These sunflower stalks are what sit on the edge of the flower garden today. I like to imagine blooming dandelions. Bright, sunny, yellow petals in a thick cluster, calling bees and welcoming the bright spring sun that will warm the soil. Potential. Pure, practical, beautiful, potential.
In the garden today we are still in a place of fall time clean up. There is a small amount floating row cover in the fields, a temporary greenhouse left split and flapping after hurricane Sandy winds came through, a few more roots to dig, existing greenhouse space to tend, and new greenhouses being built. To-do lists. oommpphh.
It sounds as though we’ve moved on from one project to a next before finishing the dirty clean-up work of where we were. In some instances this was true. Farming is about prioritizing and time management as much as choosing varieties and handing food to customers. Sometimes we make it most of the way through a task and then it’s too cold, too dark, or there is another crop or project calling louder, and we abandon what we are doing and move on.
There is also the balance between doing the work that needs to be done, and keeping it interesting and inspiring. Some of the above tasks certainly do feel like work in the traditional sense. Moving row cover surely gets one wet, tires the arms, and then what… at this time of year you don’t move the cover to find a secret stash of thriving arugula or spicy mix. You are moving the cover for practical (boring) reasons, so it will have the best protection necessary in order to leave the barn, ready and able for duty during the spring season – when the dandelions are blooming.
These days the inspiration for me to plow through those dirty, end of season tasks, comes from day dreams about flowering plants and bulbs. Although the small amount of flowers we’ve grown in the past have always been received well, I’ve always focused our efforts on food that people can eat. Why not plant more flowers? Food for the senses I think can be just as fulfilling at the carrots we put in our bellies. This fall I’ve planted the idea in me that if I finish…. I can make a break for the hardware store and snatch up any remaining tulip and other interesting bulbs. Maybe at night I can find a reputable company online and get an express shipment….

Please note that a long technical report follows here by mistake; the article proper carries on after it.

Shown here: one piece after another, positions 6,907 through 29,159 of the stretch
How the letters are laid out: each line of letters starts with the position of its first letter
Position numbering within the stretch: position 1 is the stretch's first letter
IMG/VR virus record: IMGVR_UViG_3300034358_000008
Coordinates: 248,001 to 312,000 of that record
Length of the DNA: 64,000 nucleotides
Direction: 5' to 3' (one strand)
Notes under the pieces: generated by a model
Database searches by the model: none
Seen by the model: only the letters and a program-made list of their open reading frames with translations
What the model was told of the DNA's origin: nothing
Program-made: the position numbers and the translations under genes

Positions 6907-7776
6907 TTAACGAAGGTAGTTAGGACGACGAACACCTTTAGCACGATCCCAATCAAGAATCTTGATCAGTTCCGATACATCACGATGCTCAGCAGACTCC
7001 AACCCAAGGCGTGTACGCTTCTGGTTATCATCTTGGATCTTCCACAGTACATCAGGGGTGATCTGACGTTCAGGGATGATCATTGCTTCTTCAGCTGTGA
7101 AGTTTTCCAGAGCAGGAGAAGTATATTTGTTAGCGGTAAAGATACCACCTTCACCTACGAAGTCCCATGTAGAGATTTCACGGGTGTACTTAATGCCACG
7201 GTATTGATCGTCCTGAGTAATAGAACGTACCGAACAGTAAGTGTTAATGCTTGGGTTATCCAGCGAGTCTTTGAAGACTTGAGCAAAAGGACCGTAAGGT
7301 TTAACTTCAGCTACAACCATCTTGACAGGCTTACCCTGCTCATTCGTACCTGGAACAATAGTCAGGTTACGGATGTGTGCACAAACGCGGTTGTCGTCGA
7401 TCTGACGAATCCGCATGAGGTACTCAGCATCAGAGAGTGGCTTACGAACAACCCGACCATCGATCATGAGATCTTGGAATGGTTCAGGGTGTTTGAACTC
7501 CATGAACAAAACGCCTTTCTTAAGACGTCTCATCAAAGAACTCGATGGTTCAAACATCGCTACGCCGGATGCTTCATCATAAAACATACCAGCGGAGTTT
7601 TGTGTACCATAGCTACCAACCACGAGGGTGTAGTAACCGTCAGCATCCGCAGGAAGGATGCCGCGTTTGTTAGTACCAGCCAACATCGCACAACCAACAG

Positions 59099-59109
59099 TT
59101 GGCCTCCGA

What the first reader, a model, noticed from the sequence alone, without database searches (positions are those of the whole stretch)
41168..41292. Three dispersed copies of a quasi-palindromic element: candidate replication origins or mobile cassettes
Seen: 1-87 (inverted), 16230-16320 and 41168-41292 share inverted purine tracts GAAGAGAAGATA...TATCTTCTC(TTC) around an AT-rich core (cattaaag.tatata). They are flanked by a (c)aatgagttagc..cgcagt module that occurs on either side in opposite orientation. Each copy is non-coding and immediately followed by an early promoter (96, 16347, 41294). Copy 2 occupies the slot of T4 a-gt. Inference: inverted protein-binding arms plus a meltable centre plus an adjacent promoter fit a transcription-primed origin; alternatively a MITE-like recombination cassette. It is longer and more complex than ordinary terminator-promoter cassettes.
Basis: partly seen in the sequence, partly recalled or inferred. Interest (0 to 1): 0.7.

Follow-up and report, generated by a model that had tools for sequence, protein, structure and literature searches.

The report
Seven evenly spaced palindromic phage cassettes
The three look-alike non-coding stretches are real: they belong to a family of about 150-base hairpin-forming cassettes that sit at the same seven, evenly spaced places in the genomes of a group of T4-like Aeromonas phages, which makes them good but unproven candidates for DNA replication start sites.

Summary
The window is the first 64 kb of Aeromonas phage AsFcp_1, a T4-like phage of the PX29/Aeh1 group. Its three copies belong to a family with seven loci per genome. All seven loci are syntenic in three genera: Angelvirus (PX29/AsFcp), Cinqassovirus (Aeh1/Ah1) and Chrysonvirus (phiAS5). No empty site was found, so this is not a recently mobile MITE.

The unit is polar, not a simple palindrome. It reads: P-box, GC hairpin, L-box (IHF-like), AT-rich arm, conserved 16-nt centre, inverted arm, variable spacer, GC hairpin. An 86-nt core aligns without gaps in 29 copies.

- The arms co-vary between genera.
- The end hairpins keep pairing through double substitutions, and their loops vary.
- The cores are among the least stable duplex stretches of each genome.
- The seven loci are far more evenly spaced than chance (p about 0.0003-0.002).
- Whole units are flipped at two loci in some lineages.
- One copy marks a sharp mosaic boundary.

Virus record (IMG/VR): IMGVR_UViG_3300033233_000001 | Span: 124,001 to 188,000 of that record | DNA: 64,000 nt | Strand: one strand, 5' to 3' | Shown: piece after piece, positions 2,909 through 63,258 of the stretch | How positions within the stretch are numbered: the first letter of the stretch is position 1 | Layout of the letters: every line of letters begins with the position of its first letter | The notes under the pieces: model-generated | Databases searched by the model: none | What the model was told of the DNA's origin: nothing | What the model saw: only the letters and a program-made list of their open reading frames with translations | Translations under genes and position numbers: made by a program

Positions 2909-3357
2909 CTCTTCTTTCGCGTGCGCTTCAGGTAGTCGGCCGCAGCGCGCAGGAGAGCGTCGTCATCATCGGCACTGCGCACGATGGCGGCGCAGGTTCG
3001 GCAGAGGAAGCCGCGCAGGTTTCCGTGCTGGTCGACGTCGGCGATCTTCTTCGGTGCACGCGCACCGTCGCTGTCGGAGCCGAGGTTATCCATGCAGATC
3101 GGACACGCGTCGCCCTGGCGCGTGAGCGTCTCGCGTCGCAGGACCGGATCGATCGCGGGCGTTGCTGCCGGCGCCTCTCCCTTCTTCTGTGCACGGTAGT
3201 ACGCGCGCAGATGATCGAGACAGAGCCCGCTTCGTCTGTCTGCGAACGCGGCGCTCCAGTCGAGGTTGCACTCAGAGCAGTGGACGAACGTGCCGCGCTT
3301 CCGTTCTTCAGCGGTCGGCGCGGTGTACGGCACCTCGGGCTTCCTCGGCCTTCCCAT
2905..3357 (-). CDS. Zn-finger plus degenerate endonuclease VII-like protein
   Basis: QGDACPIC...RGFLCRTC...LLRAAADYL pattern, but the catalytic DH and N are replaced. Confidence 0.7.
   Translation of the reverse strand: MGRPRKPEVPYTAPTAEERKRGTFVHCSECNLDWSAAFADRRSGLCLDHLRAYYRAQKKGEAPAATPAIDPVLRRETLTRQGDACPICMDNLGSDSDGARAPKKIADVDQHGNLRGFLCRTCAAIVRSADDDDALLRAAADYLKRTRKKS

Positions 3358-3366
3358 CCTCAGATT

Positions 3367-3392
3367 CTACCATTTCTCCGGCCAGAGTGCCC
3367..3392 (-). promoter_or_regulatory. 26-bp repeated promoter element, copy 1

I live in the idea that although consciously planted, the spring time arrival of tulips and daffodils would feel like the unexpected. Their strong stems and bright colors would feel like a bonus, cultivated delight, to get a glimpse of and inspire a smile during May, one of the most stressful months in the garden.
And, yes, it is growing very late in the year to plant bulbs here in Maine. Perhaps it is even my naiveté that it is an action that makes sense at all. But, this morning, even though writing during darkness, I know there is not frost on the ground today. A balmy stretch of 50 degree weather rolled in yesterday, which gives me hope that maybe, maybe, I can still work the soil enough to plant some bulbs. And then there is greenhouse space to consider too. Edges of beds and empty tables that could hold flats and containers… maybe I’m on to something here. A whole new layer of planting, full of color, and energy, and surprises. Maybe my early morning and lunch time day dreams don’t have to be just that. Maybe it is time to really plant some bulbs, to add a new dimension to our garden.